Homeschool Hardware: 10 Basic Must Haves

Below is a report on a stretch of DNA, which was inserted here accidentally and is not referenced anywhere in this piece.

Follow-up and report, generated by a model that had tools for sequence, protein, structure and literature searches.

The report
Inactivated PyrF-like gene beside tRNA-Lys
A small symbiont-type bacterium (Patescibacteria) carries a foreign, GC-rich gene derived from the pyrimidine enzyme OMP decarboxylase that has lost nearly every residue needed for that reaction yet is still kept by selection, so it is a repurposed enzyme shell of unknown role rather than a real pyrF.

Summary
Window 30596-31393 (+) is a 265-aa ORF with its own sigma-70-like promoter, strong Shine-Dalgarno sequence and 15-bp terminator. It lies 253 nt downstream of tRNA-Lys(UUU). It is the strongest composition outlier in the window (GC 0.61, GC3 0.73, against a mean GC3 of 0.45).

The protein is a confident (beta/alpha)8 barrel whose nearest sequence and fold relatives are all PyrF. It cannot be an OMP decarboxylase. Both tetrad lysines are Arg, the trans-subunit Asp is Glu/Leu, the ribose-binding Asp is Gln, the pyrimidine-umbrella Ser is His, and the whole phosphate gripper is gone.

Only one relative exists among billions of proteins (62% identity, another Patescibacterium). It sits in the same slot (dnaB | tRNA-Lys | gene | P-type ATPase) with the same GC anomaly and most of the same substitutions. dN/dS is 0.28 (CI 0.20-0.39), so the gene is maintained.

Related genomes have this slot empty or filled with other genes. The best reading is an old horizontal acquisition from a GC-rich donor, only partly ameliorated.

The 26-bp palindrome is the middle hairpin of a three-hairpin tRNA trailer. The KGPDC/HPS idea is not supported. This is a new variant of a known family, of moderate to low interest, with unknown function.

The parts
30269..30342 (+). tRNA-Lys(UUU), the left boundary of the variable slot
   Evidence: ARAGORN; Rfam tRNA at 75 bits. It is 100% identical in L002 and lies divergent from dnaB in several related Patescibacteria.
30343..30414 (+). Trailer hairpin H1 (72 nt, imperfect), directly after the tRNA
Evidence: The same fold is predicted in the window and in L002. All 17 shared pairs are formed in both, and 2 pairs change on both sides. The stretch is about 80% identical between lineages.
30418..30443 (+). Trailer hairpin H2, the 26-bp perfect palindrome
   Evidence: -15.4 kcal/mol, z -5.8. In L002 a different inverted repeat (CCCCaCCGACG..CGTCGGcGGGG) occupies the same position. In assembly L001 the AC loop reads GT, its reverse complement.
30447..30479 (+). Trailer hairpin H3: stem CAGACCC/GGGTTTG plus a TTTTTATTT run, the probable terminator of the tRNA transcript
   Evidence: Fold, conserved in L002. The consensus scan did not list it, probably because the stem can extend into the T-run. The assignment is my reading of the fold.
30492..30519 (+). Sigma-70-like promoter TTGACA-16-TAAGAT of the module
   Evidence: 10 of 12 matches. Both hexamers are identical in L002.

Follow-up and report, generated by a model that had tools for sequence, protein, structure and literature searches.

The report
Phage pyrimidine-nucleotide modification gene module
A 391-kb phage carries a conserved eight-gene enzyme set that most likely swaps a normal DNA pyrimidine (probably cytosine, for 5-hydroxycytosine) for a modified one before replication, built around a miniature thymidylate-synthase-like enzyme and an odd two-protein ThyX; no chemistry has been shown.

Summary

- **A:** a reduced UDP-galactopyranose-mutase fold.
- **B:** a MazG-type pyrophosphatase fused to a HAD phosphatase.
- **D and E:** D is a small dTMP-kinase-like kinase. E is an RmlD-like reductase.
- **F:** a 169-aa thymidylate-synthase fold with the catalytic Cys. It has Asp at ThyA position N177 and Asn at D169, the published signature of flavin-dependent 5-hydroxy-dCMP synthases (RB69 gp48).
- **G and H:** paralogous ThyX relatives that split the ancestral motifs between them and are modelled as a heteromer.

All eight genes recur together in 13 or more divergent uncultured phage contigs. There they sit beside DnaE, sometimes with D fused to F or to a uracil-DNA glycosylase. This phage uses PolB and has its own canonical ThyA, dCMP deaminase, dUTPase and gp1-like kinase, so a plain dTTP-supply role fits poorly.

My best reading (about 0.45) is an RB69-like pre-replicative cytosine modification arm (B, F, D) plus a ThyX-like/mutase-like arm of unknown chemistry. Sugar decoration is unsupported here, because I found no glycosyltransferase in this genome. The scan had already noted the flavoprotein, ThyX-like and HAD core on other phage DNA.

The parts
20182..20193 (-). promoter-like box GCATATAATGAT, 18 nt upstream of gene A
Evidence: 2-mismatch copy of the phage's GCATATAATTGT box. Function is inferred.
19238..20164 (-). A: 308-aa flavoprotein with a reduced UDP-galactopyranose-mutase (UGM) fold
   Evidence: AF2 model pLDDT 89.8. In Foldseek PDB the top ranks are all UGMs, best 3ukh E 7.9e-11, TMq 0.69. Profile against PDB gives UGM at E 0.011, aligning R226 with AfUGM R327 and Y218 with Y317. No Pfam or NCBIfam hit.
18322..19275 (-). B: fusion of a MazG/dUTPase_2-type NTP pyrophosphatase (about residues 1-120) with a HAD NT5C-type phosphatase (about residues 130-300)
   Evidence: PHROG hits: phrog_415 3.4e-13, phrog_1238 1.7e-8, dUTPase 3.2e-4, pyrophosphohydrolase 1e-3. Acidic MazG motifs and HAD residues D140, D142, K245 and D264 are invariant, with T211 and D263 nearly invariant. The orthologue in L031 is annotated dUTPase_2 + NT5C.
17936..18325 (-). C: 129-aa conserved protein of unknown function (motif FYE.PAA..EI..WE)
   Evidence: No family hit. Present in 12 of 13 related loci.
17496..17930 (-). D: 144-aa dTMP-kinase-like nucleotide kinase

Whenever I read questions from parents about homeschool, someone always asks what items you can’t live without.  So I thought we would talk about must have classroom equipment or as I like to call it “The Homeschool Hardware”.  Today we will talk about 10 of my favorite must have items you need for your classroom to run efficiently and smoothly.  Keep in mind, these are my “must haves”.  So if you wouldn’t use them, don’t.  You do you.   1. Three Hole Punch It’s amazing how something as simple as this, is so necessary.  I use mine weekly.  Make sure to get a simple, easy to use three hole punch.  I like ones with adjustable guides and an easy disposal bin like this one.  It also requires less weight to push, making it easier for kids to use.  If you are limited on space, go for a compact model.   2. Paper trimmer or cutter If you have the space for a full size paper cutter, I would definitely invest in a big one.  I don’t have the room for it so I use a small paper trimmer.  It still works great, but you can only cut one or two pieces of paper at a time, not twenty.  Make sure it has an extendable ruler for odd sizes of paper.  You also want to have one that has an easy to swap out replacement blade option, as paper tends to dull them out rather quickly.  I’ve tried quite a few and my favorite is this Cricut paper trimmer. 3. The Whiteboard I have several sizes of whiteboards.  If your classroom is big enough get a wall mounted white board for everyday use.  But, I always like to keep a small portable whiteboard around 8.5×11 inches.  This makes it easy to take on the go.  Sometimes we like to work outside when the weather is nice.  Make sure to get one that is magnetic.  It makes it easy to keep things attached to them.  You will also need it for curriculums that use magnetic pieces such as All About Spelling. Don’t forget your dry erase markers.  I only use Expo brand.  I have tried many others, but they just don’t erase as well.  Honestly, not all the colors are as erasable either.  I find that the standard colors are the best.   4. Boogie boards If you are not a fan of whiteboards or you just want something a little more techie, I love our boogie board.  If you haven’t seen these, they are awesome.  It’s like a writeable etch-a-sketch.  You can write, erase and write again thousands of times, without needing a new one.  Ours is a couple of years old and still going strong.  These are great for school, car rides, the doctor’s office and church.  It keeps the kids busy and isn’t distracting. 5. Pencil Sharpener I tried going my first year with just a little handheld pencil sharpener. Nope, it just doesn’t cut it.  Every five minutes I was attempting to hand sharpen a pencil.  So now, I keep two models in the classroom, an old school classroom pencil sharpener like this one below.  Kids just enjoy using it and find it fun.  Plus, it gives their fine motor skills a workout.  But if that’s not your style, I also use a fully electric pencil sharpener.  Get one with different size holes so you can sharpen colored pencils and odd sizes.  I also recommend one that has a large disposal bin so you don’t have to change it every three seconds.  You will want one that plugs into the wall, not a battery operated only model.  They don’t have enough power and you will be changing batteries all the time. Speaking of pencils, Ticonderoga’s are my favorite.  They are the best, hands down.  They work better, sharpen better, and they don’t lose chunks when you sharpen them, making them last longer.  For a few pennies more, they are totally worth it.   6. Tape Dispenser I used to buy tape in the little portable handheld dispensers.  But honestly, we go through a lot of tape during the year.   Not only that, I hate waste and excess packaging.  A tape dispenser is more economical and less wasteful in the long run.  The initial investment is worth the long term savings.  You don’t need anything fancy here.  Just get the basic one. 7. The Stapler A stapler is another must have in my opinion.  My advice is don’t buy the cheapest one.  Nothing is as annoying as a stapler that jams every time you use it.  So go with a decent quality one and don’t forget the staples.  If you are low on space, they make these mini versions which actually work very well.  You can also get a full size vertical model that saves space as well. 8. Pencil/Pen Caddy I’m a big fan of desk caddy’s.  Every classroom should have one.  I prefer a desk caddy that spins like a Lazy Susan.  They make it easier to access what you need quickly.  It also makes it easier for kids to put their things away.  Keeping your classroom tidy is a full time job if you don’t keep on top of it.  The easier the clean up, the happier you will be. 9. Hot Glue Gun Glue sticks are great.  But when I need more I reach for the hot glue gun.  It works for art projects, history, and science.  It’s also cheap and effective.  If you are saving space, get the smaller models that come with smaller hot glue sticks.  Otherwise, I like the sturdiness of larger hot glue guns.  When looking for a glue gun, make sure to get one that stands up on its own.  Otherwise you will have a hot mess.  Another feature to look for is a high/low temp switch.  That way you can adjust the temperature based on who’s using it.  A nice feature when working with little ones. 10.